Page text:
When Does an Idea Become a Story?

I’ve got a theme for the week, and I’m going with it.

Several of my posts this week have been about getting ideas—from what you read, from what you think as you read, from a branding idea—but how do you know when an idea is right for a story?

I talked about this before in “Three Ways to Evaluate an Idea,” but I wanted to add a few more brief thoughts.

See, for me personally, I can come up with an idea, and think about it and start developing it. But at some point, I realize I’m thinking of it mostly in a vague, abstract sense—a series of static images, trailer-like visuals devoid of context, snatches of random nonspecific dialogue, etc. I’m thinking about having written it, not about actually writing it. It never gets beyond the summary or outline stage, because it doesn’t have that spark of life that a story needs.

But in some sense every idea goes through this stage, where it’s vague and undeveloped—so how do you know if an idea is going to get stuck there, or if it will go all the way?

I suppose everyone is probably different in this, but I’ll talk about what I’m working through at the moment. I’ve got an idea (probably the hundredth this week), and it has potential in a lot of ways. But do I actually want to write it, or just think vaguely about it?

The first step is to dig into the details. Test out plot points, even write scenes in your head, interrogate the characters and see if they come to life. If my mind keeps sliding away from specifics and back to pretty images or vague summary, then I’m probably not in a place where I can write that right now. The point here is that the specific details you come up with may or may not ever make it into the story—but just the ability to come up with them and be interested in the possibilities is the right start.

The second step for me is to try and start a detailed outline. As I’m coming up with cause and effect plot points, burrowing deeper into the details, I can start to feel whether my interest is engaged or slipping away. At some point in the outline, I realize I’d rather be doing anything else and that I definitely do not want to write this story out… Except with my one successful project, where the outline increased my interest and I was able to stay committed to it.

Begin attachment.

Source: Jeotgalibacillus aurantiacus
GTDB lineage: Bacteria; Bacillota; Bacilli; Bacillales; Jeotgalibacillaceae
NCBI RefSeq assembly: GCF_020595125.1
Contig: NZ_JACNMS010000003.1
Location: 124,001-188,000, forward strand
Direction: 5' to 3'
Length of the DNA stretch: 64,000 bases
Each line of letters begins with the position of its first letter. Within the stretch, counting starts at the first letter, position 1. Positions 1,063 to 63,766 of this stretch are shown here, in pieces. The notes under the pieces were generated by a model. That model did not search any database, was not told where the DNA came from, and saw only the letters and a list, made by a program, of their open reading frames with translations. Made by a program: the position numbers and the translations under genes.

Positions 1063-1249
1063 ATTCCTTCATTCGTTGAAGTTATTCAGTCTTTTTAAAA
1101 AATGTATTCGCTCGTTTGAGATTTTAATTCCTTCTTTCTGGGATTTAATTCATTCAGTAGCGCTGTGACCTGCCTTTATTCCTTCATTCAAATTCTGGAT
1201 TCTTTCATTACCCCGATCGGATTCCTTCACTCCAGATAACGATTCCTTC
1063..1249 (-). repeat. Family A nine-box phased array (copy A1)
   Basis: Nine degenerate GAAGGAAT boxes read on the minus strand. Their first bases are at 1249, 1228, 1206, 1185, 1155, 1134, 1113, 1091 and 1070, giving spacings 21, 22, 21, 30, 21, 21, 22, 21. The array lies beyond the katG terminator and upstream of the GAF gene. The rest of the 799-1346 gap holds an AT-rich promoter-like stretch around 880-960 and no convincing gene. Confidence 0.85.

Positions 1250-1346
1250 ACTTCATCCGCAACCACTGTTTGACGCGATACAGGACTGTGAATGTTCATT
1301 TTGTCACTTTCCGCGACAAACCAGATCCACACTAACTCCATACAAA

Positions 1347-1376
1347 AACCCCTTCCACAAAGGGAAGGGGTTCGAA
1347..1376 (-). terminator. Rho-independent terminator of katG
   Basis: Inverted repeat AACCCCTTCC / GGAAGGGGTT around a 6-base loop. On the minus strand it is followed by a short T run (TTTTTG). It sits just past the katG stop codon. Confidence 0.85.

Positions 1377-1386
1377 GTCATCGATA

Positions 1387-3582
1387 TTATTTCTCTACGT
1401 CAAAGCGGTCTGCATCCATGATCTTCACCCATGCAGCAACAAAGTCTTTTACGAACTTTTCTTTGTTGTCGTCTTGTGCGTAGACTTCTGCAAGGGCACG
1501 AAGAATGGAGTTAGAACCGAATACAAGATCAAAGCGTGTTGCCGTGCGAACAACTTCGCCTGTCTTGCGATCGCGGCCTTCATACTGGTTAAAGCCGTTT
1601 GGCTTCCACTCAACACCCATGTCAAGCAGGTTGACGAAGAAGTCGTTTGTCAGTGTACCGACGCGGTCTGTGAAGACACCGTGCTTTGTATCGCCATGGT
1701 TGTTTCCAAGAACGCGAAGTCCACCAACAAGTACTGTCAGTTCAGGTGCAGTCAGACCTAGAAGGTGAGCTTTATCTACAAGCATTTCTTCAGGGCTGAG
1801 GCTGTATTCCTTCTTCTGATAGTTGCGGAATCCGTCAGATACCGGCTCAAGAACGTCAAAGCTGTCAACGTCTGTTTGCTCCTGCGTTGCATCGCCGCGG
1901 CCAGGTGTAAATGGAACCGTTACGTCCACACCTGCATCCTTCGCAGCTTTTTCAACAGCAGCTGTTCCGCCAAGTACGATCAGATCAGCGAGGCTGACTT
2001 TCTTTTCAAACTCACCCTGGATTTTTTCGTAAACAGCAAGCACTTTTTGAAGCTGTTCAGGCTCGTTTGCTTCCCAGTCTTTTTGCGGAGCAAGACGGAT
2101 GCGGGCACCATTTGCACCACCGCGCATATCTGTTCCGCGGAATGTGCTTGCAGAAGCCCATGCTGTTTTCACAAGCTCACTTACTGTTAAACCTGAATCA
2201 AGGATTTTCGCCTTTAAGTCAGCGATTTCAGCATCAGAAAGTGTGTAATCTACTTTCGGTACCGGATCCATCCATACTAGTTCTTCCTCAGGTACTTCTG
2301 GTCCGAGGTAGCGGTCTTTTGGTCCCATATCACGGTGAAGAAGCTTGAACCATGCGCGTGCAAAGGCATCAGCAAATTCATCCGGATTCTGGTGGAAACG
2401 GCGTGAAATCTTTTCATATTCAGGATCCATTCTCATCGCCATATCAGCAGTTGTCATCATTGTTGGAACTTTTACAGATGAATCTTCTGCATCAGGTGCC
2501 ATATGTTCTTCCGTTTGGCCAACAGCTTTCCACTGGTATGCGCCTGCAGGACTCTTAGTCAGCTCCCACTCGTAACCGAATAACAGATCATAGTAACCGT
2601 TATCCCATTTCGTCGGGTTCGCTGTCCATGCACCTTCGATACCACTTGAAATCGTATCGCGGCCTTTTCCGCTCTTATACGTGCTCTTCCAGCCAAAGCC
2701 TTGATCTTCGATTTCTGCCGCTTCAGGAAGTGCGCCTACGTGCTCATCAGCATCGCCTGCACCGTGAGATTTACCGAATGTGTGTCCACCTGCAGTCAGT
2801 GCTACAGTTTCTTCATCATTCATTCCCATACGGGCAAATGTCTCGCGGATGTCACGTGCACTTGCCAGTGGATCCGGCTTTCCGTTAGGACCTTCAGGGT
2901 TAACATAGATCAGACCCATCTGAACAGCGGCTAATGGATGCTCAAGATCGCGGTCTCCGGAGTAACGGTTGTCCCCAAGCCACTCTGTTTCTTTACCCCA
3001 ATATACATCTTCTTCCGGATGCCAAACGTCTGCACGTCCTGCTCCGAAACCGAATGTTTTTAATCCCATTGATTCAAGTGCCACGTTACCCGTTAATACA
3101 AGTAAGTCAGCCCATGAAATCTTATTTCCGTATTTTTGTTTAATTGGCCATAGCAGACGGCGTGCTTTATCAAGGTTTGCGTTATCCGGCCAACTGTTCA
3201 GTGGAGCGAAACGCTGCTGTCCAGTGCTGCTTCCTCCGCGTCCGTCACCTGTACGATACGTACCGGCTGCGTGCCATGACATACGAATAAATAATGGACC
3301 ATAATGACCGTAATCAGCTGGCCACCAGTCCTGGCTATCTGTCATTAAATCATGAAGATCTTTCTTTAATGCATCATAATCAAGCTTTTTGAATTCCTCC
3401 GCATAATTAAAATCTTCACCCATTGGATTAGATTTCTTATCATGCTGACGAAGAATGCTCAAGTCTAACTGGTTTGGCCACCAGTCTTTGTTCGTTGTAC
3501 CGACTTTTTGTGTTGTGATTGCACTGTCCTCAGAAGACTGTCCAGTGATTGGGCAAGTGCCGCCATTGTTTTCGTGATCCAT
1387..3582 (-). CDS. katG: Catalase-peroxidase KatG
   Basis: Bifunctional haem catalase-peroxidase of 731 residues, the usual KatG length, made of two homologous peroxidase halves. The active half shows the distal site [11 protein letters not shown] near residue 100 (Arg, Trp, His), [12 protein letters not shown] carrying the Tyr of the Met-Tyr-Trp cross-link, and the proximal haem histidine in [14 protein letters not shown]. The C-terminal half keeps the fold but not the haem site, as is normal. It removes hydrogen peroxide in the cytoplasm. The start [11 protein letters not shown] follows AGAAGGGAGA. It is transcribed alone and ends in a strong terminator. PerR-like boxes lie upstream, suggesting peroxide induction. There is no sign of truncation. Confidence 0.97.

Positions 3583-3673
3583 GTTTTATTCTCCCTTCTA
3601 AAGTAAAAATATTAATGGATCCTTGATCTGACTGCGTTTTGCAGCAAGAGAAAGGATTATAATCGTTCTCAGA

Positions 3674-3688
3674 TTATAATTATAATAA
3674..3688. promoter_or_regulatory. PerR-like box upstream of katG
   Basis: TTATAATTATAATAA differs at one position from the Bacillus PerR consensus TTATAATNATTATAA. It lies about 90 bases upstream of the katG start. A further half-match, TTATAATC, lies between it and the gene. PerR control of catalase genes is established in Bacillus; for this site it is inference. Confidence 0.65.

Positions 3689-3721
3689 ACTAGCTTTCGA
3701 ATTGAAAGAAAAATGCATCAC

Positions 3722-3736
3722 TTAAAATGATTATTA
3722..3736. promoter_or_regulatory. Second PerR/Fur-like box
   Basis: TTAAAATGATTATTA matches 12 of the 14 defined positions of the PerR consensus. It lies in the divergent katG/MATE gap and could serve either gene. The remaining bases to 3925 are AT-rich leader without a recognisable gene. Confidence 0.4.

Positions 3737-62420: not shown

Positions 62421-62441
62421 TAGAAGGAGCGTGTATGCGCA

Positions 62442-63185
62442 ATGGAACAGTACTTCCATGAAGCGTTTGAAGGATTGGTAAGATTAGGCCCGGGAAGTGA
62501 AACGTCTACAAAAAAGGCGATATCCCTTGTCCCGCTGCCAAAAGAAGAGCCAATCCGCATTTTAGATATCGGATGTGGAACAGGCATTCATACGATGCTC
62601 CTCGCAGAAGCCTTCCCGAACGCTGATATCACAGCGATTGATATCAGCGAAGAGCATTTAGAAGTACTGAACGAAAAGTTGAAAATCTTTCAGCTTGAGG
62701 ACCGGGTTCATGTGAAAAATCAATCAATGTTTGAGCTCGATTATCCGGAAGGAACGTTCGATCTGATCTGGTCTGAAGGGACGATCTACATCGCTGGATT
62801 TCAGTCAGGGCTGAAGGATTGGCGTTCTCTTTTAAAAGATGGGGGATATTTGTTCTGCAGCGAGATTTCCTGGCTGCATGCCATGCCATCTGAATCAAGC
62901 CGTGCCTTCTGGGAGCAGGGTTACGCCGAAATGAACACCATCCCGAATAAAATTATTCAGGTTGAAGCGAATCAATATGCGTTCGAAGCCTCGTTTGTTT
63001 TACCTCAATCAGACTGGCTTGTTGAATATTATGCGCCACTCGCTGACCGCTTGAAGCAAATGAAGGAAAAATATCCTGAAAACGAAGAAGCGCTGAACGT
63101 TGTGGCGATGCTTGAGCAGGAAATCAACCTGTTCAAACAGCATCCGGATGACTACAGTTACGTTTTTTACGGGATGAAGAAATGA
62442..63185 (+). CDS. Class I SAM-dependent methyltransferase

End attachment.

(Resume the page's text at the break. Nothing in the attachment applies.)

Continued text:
The third step (though it sometimes comes a bit earlier) is to start hearing the text itself. Can I start to hear the narrative voice? Dialogue? The shape of scenes and transitions? When it’s no longer just silent visuals or thoughts of the overarching elements, but specific words, I know it’s ready.

At least, theoretically ready. I can still talk myself out of it because that appears to be my one true talent, but if I make it that far, the idea at least has the potential to become a story for me. If it ‘dies’ before that, then it’s not over completely—but I’m just not there yet.

The one project I actually finished? I started and stopped at least a dozen times over a period of years, and each time I thought it was never going to work. Then one week, randomly, a new perspective on it opened up the story and it flared to life—and made it all the way. So never give up on an idea completely, because you never know when it might just click. 🙂


About J. Sevick

Just write.
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